The Muppet Movie / The Great Muppet Caper James Frawley / Jim Henson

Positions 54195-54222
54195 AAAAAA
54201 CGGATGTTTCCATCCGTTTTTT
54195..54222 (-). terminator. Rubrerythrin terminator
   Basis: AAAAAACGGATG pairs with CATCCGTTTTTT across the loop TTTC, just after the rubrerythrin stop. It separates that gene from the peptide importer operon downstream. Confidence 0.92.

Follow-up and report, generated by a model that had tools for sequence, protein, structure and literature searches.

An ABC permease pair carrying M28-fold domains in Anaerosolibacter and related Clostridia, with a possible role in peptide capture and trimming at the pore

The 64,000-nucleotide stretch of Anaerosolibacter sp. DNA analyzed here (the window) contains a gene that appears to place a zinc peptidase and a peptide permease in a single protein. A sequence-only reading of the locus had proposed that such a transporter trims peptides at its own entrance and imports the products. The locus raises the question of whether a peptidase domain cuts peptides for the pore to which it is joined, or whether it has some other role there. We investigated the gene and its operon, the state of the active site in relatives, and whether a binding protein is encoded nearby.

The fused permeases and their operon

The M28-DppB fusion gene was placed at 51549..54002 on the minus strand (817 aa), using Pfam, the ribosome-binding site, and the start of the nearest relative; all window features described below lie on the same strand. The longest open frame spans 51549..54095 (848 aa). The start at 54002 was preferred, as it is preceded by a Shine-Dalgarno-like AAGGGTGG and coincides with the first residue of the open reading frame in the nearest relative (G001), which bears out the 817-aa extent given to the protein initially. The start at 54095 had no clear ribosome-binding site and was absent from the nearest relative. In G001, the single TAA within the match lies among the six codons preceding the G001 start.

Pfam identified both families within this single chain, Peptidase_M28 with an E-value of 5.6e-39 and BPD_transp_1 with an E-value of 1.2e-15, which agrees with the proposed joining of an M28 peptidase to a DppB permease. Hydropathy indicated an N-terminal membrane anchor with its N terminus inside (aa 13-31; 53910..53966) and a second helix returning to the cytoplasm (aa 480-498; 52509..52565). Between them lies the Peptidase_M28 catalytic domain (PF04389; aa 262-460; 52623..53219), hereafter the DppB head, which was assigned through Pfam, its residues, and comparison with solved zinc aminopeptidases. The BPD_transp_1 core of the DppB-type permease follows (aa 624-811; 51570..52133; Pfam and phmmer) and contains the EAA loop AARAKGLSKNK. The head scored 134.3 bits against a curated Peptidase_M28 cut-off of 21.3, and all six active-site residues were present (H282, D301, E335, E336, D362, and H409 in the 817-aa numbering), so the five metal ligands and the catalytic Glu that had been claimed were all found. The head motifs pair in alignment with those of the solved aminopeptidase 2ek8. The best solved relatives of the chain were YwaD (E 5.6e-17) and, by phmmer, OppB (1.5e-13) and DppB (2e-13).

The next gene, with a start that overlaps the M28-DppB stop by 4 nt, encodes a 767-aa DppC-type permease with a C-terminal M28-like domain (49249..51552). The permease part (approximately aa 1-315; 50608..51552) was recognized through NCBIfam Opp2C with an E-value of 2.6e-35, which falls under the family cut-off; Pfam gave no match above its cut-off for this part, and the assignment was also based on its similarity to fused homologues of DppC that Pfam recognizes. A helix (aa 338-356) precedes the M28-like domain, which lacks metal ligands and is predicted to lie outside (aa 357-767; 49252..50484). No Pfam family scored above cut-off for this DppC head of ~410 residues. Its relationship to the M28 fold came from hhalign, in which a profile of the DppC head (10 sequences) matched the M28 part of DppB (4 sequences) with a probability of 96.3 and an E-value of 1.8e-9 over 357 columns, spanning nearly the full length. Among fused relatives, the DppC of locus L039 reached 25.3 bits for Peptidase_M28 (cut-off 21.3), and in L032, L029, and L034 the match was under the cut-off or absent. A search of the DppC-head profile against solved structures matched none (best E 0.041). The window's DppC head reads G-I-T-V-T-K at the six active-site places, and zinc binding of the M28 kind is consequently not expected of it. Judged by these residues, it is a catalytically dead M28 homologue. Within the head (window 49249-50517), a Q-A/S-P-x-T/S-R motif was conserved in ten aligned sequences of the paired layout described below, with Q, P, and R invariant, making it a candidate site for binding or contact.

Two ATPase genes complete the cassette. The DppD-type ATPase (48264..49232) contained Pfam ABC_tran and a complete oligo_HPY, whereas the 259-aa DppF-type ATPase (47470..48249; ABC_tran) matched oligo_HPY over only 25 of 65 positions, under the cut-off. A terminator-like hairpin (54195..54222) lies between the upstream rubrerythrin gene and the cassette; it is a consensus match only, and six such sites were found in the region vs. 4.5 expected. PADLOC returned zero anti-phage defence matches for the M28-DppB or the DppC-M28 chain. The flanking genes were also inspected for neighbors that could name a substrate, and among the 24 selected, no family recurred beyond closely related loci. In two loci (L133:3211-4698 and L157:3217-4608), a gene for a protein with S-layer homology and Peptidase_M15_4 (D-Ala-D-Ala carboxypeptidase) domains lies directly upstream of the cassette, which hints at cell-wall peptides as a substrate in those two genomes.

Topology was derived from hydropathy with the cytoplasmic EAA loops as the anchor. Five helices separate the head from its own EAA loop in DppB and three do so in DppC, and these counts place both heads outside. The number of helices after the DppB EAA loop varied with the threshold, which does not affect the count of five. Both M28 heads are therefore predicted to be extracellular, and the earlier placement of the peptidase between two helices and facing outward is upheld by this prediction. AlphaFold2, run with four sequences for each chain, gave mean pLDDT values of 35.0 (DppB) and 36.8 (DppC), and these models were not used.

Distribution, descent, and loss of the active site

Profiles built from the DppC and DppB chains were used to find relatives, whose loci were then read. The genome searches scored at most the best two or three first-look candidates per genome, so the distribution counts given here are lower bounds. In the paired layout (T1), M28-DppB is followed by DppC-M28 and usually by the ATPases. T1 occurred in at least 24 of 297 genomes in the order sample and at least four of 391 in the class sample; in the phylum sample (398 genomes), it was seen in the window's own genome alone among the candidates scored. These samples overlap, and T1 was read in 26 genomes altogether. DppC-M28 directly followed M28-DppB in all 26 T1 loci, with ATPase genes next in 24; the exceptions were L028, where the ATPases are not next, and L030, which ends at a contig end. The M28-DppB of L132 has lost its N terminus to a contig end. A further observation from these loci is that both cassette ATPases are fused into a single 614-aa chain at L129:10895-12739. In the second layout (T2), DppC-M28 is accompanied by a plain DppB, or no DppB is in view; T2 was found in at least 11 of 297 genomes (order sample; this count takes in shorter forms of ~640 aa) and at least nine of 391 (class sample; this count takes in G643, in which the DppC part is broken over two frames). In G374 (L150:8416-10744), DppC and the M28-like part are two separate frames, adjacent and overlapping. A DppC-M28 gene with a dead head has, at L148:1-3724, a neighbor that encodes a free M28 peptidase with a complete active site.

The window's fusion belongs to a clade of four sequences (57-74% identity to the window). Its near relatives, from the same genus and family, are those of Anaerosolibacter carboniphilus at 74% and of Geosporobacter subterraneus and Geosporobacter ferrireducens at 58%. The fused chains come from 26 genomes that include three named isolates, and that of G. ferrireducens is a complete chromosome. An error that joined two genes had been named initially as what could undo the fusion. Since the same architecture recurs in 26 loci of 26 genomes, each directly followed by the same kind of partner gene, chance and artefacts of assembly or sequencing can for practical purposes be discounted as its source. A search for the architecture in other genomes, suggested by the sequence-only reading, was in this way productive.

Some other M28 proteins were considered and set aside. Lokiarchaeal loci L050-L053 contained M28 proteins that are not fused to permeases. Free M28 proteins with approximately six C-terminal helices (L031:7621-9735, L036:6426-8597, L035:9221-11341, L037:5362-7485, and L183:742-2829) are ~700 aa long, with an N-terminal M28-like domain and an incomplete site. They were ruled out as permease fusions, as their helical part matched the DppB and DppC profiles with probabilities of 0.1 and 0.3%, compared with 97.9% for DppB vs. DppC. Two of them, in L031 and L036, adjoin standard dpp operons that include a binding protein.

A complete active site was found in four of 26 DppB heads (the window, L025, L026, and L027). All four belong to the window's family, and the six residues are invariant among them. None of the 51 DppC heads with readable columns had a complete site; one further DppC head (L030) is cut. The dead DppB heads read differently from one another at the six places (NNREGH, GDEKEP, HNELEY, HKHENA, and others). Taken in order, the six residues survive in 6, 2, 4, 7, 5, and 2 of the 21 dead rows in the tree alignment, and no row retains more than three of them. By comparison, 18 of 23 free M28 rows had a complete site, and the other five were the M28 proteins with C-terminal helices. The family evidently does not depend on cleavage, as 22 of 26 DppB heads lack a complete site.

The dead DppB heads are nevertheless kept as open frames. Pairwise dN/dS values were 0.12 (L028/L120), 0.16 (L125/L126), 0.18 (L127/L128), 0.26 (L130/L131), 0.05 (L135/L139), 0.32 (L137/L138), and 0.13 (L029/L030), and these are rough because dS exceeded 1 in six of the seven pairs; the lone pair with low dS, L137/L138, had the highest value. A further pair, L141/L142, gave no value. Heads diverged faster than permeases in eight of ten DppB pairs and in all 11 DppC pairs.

To celebrate the 50th Anniversary of Kermit the Frog's arrival on the cultural landscape come some DVD reissues of Muppet classics and some not-so classics. The best of the bunch are the first two features: The Muppet Movie, which is uncommonly clever, self-referential and tons of fun; and The Great Muppet Caper, which uses its characters to full effect in telling an original story (as opposed to retelling the classics like The Wizard of Oz or Treasure Island, which has been the more current strategy). The original remains the must-see classic, a film that tells the story of Kermit's journey from swamp-bound frog to Hollywood superstar (including the climactic moment when Orson Welles tells studio bean-counters to "draw up the standard rich and famous contract" for Kermit and his compatriots). Its interweaving, self-referential plot may tweak the post-modern bone of overeducated college kids, but in the Muppet context, it's merely the recognition that children can distinguish the difference between what's real and what's storytelling, even as we accept Kermit and company as "real" and the movies as stories, something that's particularly up front in The Great Muppet Caper. As the film opens, Kermit addresses the audience as if introducing a school production of Joseph and the Technicolor Dreamcoat; the tale, part Columbo, part slapstick Sherlock Holmes and all Muppets, unfolds thereafter. Both films continue to delight even more than 25 years later, but the 50th Anniversary cash grab excuse is lame at best. Only two special features grace these two discs, and they are both pathetic, punch line-oriented "profiles" of Kermit and Miss Piggy that neither do their extensive careers nor their comedic chops justice. These are valuable only if you don't already own these two comedy classics; it's disappointing given the deluxe treatment recently afforded The Muppet Show's first season DVD release. (Disney/Buena Vista)